Have you ever noticed players not getting on well within a team but are key players? They perform well on the biggest stage and enjoy the admiration and have a massive amount of self-worth!
Narcissists perceive themselves to be exceptional performers and seek opportunities for personal glory. If a narcissists’ performance is clearly identifiable within the team, they should invest more effort and perform better. Conversely, if a narcissists’ performance is not identifiable within the team, they should loaf (invest less effort and perform less well).
Dr. Ross Roberts, stated, “We think the reason why narcissists thrive in these stressful situations is because when they perform exceptional well under these conditions; they receive the admiration and glorification that they crave” (Evans, 2012). This offers as an explanation to why some great athletes are involved in individual sports or were not seen as the best team players as a narcissist would find it difficult to share victory and if a failure occurred team members or other factors would be to blame. However, most great professional athletes tend to show narcissistic characteristics.
It is all good to have highlighted the features of this personality trait, but how do you deal with them?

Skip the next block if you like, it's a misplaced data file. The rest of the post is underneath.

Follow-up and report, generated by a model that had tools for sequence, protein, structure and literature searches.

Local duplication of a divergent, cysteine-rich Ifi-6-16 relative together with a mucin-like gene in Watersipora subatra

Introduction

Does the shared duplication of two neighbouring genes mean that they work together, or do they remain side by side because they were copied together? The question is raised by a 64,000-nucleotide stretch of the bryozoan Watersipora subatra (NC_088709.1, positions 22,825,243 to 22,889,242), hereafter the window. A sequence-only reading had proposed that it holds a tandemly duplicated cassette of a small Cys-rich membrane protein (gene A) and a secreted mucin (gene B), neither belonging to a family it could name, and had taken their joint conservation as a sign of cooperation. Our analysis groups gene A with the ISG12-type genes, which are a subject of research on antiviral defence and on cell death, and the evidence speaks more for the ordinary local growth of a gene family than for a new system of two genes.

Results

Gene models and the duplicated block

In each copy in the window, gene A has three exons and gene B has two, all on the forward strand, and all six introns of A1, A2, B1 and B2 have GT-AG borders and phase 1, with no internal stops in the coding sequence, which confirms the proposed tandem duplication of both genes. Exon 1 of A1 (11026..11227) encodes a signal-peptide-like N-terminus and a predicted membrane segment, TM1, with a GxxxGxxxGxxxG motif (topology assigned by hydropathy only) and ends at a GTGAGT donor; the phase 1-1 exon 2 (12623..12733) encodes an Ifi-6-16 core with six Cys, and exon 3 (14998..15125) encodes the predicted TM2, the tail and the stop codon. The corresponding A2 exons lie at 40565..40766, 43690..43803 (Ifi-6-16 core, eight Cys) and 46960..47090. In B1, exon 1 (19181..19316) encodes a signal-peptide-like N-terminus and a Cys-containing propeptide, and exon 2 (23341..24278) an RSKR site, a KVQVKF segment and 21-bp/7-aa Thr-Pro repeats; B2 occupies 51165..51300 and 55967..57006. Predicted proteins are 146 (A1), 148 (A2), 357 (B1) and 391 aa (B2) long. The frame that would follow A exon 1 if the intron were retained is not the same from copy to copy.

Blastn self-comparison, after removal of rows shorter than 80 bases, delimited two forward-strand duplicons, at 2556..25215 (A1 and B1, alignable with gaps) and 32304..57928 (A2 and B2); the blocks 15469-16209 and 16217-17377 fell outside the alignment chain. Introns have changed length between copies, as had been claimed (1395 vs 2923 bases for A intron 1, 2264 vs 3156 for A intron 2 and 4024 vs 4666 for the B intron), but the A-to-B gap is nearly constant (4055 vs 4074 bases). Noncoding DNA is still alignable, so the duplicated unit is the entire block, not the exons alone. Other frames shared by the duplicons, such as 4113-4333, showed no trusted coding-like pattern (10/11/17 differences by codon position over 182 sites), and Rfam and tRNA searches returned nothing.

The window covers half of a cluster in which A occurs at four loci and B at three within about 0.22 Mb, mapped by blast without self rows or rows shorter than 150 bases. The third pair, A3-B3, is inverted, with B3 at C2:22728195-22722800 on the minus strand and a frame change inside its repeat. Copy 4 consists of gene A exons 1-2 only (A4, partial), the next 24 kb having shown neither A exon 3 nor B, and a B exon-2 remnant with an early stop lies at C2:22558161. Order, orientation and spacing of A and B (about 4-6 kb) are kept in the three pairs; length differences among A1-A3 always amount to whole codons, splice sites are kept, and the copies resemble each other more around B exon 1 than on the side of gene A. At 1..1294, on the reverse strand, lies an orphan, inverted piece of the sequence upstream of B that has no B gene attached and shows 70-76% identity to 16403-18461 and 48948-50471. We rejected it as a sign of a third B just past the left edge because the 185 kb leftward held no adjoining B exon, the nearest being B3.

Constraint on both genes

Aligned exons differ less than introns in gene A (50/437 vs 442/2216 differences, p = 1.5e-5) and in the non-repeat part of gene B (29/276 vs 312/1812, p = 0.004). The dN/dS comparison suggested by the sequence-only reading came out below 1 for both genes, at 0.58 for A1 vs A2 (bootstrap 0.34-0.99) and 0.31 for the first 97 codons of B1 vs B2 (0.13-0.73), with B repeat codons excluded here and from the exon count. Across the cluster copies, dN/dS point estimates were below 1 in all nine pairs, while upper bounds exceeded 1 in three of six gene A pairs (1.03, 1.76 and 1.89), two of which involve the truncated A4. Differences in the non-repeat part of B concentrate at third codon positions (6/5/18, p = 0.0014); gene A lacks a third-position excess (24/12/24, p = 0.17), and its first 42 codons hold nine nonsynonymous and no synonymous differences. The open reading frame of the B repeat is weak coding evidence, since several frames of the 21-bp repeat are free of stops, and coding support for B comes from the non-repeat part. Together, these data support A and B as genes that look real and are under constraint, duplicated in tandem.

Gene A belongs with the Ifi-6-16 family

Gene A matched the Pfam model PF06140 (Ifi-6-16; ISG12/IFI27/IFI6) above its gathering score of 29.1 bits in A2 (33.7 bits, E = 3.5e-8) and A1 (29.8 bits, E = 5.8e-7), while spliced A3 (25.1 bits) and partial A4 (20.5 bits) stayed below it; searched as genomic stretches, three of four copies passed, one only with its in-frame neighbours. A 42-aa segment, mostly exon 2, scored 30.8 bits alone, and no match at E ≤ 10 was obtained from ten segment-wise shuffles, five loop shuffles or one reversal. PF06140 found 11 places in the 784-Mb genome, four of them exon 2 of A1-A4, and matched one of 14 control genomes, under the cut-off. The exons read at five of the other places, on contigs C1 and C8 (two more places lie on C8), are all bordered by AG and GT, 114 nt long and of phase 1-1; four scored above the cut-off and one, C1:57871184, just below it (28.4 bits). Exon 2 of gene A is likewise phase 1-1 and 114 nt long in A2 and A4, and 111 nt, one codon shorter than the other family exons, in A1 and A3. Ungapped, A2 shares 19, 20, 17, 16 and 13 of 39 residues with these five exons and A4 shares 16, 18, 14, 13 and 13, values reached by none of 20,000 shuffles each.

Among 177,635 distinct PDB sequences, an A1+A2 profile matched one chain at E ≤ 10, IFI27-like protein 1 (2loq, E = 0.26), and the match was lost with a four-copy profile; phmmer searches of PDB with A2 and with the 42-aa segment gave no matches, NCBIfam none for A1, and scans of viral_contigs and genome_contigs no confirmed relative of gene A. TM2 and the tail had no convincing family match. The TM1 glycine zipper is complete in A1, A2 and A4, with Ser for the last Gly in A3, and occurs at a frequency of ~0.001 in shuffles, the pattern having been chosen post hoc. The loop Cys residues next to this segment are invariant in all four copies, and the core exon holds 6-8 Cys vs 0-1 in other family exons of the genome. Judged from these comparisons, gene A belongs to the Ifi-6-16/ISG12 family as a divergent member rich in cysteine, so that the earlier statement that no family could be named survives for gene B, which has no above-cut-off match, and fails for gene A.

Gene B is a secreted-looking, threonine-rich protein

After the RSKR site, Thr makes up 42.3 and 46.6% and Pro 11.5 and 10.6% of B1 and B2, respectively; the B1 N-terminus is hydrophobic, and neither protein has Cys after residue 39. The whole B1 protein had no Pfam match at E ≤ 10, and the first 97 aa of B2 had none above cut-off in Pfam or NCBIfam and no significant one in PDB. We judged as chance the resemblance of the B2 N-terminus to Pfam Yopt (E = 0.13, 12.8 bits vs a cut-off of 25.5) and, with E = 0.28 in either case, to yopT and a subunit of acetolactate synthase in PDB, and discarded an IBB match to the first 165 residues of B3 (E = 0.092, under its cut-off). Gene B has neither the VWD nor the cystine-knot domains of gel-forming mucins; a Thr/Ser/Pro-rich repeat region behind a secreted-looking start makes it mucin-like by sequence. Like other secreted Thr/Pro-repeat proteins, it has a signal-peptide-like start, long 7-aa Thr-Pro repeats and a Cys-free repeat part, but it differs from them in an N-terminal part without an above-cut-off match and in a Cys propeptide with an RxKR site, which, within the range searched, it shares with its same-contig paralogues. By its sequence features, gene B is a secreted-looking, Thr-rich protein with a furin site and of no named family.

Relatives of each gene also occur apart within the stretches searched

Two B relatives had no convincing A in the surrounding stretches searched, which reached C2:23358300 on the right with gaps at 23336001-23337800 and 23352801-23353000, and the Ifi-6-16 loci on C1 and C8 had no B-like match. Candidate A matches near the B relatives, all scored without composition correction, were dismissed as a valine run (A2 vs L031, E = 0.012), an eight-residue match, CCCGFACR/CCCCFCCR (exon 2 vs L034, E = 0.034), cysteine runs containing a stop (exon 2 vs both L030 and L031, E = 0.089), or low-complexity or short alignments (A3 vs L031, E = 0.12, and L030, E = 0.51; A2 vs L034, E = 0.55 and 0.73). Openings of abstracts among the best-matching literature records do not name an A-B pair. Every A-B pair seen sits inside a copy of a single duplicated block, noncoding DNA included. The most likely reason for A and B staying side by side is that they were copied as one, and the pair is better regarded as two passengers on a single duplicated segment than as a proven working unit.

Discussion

Recently, the research on narcissism in sport has started to look more at the applied aspect, for example the influence of psychological skills and coach behaviours on narcissists’ performance. Taking an interactionist perspective, narcissists’ love competing which may mean that psychological skills which are specifically designed to help athletes in performance may not be particularly beneficial for narcissists as they already perform well in these types of environments, however for low narcissists it is more likely to be beneficial. In performance terms, there is evidence to suggest that narcissists benefit from skills such as relaxation, self-talk (Roberts et al, 2013), and imagery, if the imagery is the image of the self (i.e. external perspective) (Roberts et al, 2010).
Looking at the coaches’ influence on the narcissists’ behaviour has quite limited research, although what research appears to suggest is that narcissists benefit from mastery or performance motivational environments, due to the environments allowing the narcissists to get their coaches’ attention (Roberts et al, 2015). Additionally, coaches who have greater expectations and try to adopt feelings of unity in the group may make the narcissist respond less positively, due to the coaching styles reducing the chance for personal glory (Arthur et al, 2011), although this unity may be better for the rest of the group, so be cautious with your approach.
Although research is limited when looking at narcissists, this topic does warrant further investigation in the sporting domain to get the most out of player and team performance, and demonstrates the importance of personality and individual differences within sport.